CHAPTER 18 - PHALL-82241 PINDYCK CHAPTER 18 page 6 of 20...

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Unformatted text preview: PHALL-82241 PINDYCK CHAPTER 18 page 6 of 20 FIGURE 18.1 External Cost Price MSC Price MC MSC I S � MC I P* P1 P1 MEC I MEC D q* q 1 Firm output (a) Q* Q1 Industry output (b) When there are negative externalities, the marginal social cost MSC is higher than the marginal cost MC. The difference is the marginal external cost MEC. In (a), a profit-maximizing firm produces at q1, where price is equal to MC. The efficient output is q*, at which price equals MSC. In (b), the industry’s competitive output is Q1, at the intersection of industry supply MCI and demand D. However, the efficient output Q* is lower, at the intersection of demand and marginal social cost MSCI. Fig 18-01.EPS PHALL-82241 PINDYCK CHAPTER 18 page 7 of 20 FIGURE 18.2 External Benefits Value MSB D P1 MC P* MEB q1 q* Repair level When there are positive externalities, marginal social benefits MSB are higher than marginal benefits D. The difference is the marginal external benefit MEB. A selfinterested homeowner invests q1 in repairs, determined by the intersection of the marginal benefit curve D and the marginal cost curve MC. The efficient level of repair q* is higher and is given by the intersection of the marginal social benefit and marginal cost curves. Fig 18-02.EPS PHALL-82241 PINDYCK CHAPTER 18 page 8 of 20 FIGURE 18.3 Sulfur Dioxide Emissions Reductions Dollars 60 per unit of reduction 40 Marginal External Cost 20 Marginal Abatement Cost 0 0.02 0.04 0.06 0.08 Sulfur dioxide concentration (ppm) The efficient sulfur dioxide concentration equates the marginal abatement cost to the marginal external cost. Here the marginal abatement cost curve is a series of steps, each representing the use of a different abatement technology. Fig 18-03.EPS PHALL-82241 PINDYCK CHAPTER 18 page 9 of 20 FIGURE 18.4 The Efficient Level of Emissions Dollars per unit of emissions MEC 6 4 2 MCA 0 2 4 6 E0 8 10 12 E* 14 16 18 20 22 26 E1 Level of emissions The efficient level of factory emissions is the level that equates the marginal external cost of emissions MEC to the benefit associated with lower abatement costs MCA. The efficient level of 12 units is E*. Fig 18-04.EPS 24 PHALL-82241 PINDYCK CHAPTER 18 page 10 of 20 FIGURE 18.5 Standards and Fees Dollars per unit of emissions MEC Standard Fee 3 MCA 12 26 E* Level of emissions The efficient level of emissions at E* can be achieved through either an emissions fee or an emissions standard. Facing a fee of $3 per unit of emissions, a firm reduces emissions to the point at which the fee is equal to the marginal cost of abatement. The same level of emissions reduction can be achieved with a standard that limits emissions to 12 units. Fig 18-05.EPS PHALL-82241 PINDYCK CHAPTER 18 page 11 of 20 FIGURE 18.6 The Case for Fees Dollars per unit of emissions MCA 1 MCA 2 6 5 4 3.75 3 2.50 2 Firm 1’s Increased Abatement Costs Firm 2’s Reduced Abatement Costs 1 1 2 3 4 5 6 7 8 9 10 11 12 13 14 Level of emissions With limited information, a policymaker may be faced with the choice of either a single emissions fee or a single emissions standard for all firms. The fee of $3 achieves a total emissions level of 14 units more cheaply than a 7-unit-per-firm emissions standard. With the fee, the firm with a lower abatement cost curve (Firm 2) reduces emissions more than the firm with a higher cost curve (Firm 1). Fig 18-06.EPS PHALL-82241 PINDYCK CHAPTER 18 FIGURE 18.7 The Case for Standards Dollars per unit 16 of emissions C Marginal External Cost 14 12 E 10 A 8 D B 6 Marginal Cost of Abatement 4 2 2 4 6 8 10 12 14 16 Level of emissions When the government has limited information about the costs and benefits of pollution abatement, either a standard or a fee may be preferable. The standard is preferable when the marginal external cost curve is steep and the marginal abatement cost curve is relatively flat. Here a 12.5 percent error in setting the standard leads to extra social costs of triangle ADE. The same percentage error in setting a fee would result in excess costs of ABC. Fig 18-07.EPS page 12 of 20 PHALL-82241 PINDYCK CHAPTER 18 page 13 of 20 FIGURE 18.8 Price of Tradeable Emissions Permits 1800 1600 Price (dollars/ton) 1400 1200 1000 800 600 400 200 0 1993 1995 1997 1999 2001 2003 2005 Year The price of tradeable permits for sulfur dioxide emissions fluctuated between $100 and $200 in the period 1993 to 2003, but then increased sharply during 2005 and 2006 in response to an increased demand for permits. Since then, the price has fluctuated around $400 to $500 per ton. Fig 18-08.EPS 2007 PHALL-82241 PINDYCK CHAPTER 18 page 14 of 20 FIGURE 18.9 The Efficient Amount of Recycling Cost (dollars) MSC MCR MC + per-unit refund MC 4 m* m1 8 12 The efficient amount of recycling of scrap material is the amount that equates the marginal social cost of scrap disposal, MSC, to the marginal cost of recycling, MCR. The efficient amount of scrap for disposal m* is less than the amount that will arise in a private market, m1. Fig 18-09.EPS Scrap PHALL-82241 PINDYCK CHAPTER 18 FIGURE 18.10 Refundable Deposits Sr $ Sr′ Sv S S′ P P′ D M1 M* Amount of glass Initially, equilibrium in the market for glass containers involves a price P and a supply of recycled glass M1. By raising the relative cost of disposal and encouraging recycling, the refundable deposit increases the supply of recycled glass from Sr to S?r and the aggregate supply of glass from S to S?. The price of glass then falls to P?, the quantity of recycled glass increases to M*, and the amount of disposed glass decreases. Fig 18-10.EPS page 15 of 20 PHALL-82241 PINDYCK CHAPTER 18 page 16 of 20 FIGURE 18.11 Common Property Resources Benefits, Costs (dollars per fish) Marginal Social Cost Private Cost Demand F* Fc Fish per month When a common property resource, such as a fishery, is accessible to all, the resource is used up to the point Fc at which the private cost is equal to the additional revenue generated. This usage exceeds the efficient level F* at which the marginal social cost of using the resource is equal to the marginal benefit (as given by the demand curve). Fig 18-11.EPS PHALL-82241 PINDYCK CHAPTER 18 page 17 of 20 FIGURE 18.12 Crawfish as a Common Property Resource C Cost (dollars per pound) Marginal Social Cost 2.10 Private Cost 0.325 Demand 9.2 11.9 F Crawfish catch (millions of pounds) Because crawfish are bred in ponds to which fishermen have unlimited access, they are a common property resource. The efficient level of fishing occurs when the marginal benefit is equal to the marginal social cost. However, the actual level of fishing occurs at the point at which the price for crawfish is equal to the private cost of fishing. The shaded area represents the social cost of the common property resource. Fig 18-12.EPS PHALL-82241 PINDYCK CHAPTER 18 page 18 of 20 FIGURE 18.13 Efficient Public Good Provision Benefits (dollars) 7.00 5.50 4.00 Marginal Cost D2 D 1.50 0 D1 1 2 3 4 5 6 7 8 9 10 Output When a good is nonrival, the social marginal benefit of consumption, given by the demand curve D, is determined by vertically summing the individual demand curves for the good, D1 and D2. At the efficient level of output, the demand and the marginal cost curves intersect. Fig 18-13.EPS PHALL-82241 PINDYCK CHAPTER 18 page 19 of 20 FIGURE 18.14 The Demand for Clean Air Willingness to Pay 3000 High Income Middle Income 2500 2000 Low Income 1500 1000 500 0 1 2 3 4 5 6 7 8 9 10 Nitrogen oxide (pphm) The three curves describe the willingness to pay for clean air (a reduction in the level of nitrogen oxides) for each of three different households (low income, middle income, and high income). In general, higher-income households have greater demands for clean air than lower-income households. Moreover, each household is less willing to pay for clean air as the level of air quality increases. Fig 18-14.EPS PHALL-82241 PINDYCK CHAPTER 18 page 20 of 20 FIGURE 18.15 Determining the Level of Educational Spending Willingness to pay AW W2 W1 0 600 1200 W3 1800 2400 Education spending per pupil (in dollars) The efficient level of educational spending is determined by summing the willingness to pay for education (net of tax payments) of each of three citizens. Curves W1, W2, and W3 represent their willingness to pay, and curve AW represents the aggregate willingness to pay. The efficient level of spending is $1200 per pupil. The level of spending actually provided is the level demanded by the median voter. In this particular case, the median voter's preference (given by the peak of the W2 curve) is also the efficient level. Fig 18-15.EPS ...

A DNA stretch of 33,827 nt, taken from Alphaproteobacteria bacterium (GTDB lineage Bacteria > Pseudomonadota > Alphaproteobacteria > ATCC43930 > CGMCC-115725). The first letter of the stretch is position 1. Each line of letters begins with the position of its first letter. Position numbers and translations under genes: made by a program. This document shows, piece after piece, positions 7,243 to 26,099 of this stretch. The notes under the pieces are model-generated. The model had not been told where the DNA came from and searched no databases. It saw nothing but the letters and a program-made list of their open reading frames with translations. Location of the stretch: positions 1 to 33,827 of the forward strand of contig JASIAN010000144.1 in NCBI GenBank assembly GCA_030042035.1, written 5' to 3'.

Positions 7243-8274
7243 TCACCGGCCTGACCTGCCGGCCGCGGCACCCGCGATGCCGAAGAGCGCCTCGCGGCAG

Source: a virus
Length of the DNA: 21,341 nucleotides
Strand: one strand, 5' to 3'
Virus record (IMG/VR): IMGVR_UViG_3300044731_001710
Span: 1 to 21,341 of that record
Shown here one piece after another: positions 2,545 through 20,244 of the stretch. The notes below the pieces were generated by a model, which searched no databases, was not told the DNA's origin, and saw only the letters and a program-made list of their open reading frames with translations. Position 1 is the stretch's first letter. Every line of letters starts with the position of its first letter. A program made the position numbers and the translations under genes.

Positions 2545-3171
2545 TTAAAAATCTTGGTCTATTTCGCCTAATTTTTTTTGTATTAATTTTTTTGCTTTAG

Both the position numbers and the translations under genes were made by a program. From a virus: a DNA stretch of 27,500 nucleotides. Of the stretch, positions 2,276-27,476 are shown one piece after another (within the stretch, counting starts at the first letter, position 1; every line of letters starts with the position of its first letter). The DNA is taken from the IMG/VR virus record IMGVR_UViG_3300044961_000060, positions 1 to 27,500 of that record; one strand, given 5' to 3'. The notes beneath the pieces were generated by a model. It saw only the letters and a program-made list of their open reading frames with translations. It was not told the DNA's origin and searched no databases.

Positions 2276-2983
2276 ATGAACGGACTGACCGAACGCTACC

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This note was uploaded on 09/28/2011 for the course ECON 105 taught by Professor Prof.eco during the Spring '11 term at Indian School of Business.